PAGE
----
I picked this up to fill in some gaps about American politics in the first half of the 19th century. It is an abridgement of a three book set that won the National Book Award in 1984.
From the beginning, Jackson's life was an adventure. He fought in the Revolution at 13 and was orphaned in the same year. He fought duals, had a controversial romantic life, fought Indians and the British, and reshaped American political and governmental life. It is a life that a fiction script writer would risk criticism for inserting so many near-death experiences, national firsts and bigger than life characteristics. He is justifiably controversial for having elevated the presidency to its modern executive status, for moving almost all eastern native American tribes to lands west of the Mississippi, for balancing the budget for the first time since the Revolution, changing national banking practices, etc.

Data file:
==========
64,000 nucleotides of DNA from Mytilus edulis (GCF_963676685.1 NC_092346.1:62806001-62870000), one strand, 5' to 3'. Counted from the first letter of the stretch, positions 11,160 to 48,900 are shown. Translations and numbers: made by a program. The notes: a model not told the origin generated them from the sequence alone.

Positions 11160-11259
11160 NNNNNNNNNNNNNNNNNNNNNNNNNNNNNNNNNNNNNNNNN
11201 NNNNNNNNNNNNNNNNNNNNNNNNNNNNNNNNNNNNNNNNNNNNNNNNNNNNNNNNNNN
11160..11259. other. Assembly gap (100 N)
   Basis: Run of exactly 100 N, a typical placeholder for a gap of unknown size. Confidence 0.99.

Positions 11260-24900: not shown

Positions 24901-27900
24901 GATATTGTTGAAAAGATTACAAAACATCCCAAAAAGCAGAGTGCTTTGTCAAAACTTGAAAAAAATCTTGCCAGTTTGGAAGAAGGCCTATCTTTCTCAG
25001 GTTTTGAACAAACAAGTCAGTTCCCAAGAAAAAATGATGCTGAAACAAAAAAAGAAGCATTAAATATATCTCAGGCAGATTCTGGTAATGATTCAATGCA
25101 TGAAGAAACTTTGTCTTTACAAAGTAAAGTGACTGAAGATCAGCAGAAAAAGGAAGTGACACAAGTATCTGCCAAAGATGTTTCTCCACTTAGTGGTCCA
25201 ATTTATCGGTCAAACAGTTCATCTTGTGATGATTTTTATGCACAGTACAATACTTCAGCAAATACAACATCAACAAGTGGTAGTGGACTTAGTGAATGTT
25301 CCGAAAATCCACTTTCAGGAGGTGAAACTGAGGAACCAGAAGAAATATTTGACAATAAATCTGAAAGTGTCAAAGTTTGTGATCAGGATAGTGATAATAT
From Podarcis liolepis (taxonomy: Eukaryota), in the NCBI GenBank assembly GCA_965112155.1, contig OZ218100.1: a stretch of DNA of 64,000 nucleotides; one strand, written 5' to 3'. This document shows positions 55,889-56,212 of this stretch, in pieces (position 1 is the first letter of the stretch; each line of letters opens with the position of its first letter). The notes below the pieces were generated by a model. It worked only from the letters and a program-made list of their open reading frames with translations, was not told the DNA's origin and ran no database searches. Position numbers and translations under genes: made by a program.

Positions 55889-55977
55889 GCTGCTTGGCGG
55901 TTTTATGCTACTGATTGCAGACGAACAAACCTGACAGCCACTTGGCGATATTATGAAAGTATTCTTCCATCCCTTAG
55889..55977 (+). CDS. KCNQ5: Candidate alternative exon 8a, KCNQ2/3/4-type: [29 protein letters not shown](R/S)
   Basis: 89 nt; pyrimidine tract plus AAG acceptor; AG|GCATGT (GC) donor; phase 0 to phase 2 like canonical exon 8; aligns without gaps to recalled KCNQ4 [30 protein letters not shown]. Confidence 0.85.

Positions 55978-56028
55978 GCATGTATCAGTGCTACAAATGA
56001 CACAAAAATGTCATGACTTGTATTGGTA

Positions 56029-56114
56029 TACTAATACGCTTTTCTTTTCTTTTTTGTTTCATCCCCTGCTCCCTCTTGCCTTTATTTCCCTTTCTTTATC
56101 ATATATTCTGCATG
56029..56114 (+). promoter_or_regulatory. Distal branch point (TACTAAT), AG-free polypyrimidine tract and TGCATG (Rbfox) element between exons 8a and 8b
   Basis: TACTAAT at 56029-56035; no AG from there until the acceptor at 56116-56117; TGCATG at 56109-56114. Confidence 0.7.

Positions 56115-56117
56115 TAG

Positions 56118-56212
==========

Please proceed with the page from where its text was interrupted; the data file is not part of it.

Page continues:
When I read about FDR last month I came away with mixed emotions due to his character flaws and strengths combined with some governmental successes. He pales in comparison to Jackson, both for his flaws, his strengths, and his governmental outcomes. What was most surprising was the many similarities to issues that were addressed in this last election. Jackson took actions that reminded me of Bush, except Jackson was more courageous and competent. He also took stands that Democrats would applaud, especially since he created the Democratic party. He probably reminds me most of Teddy Roosevelt but is a unique individual. You will not be bored with this story and will come away with an excellent understanding of people like Calhoun, Clay, Webster, J.Q. Adams, and those presidents who followed Jackson into the 1840's. A worthwhile read and one that will leave me thinking about a president's place in the American governmental triumvirate for a long time.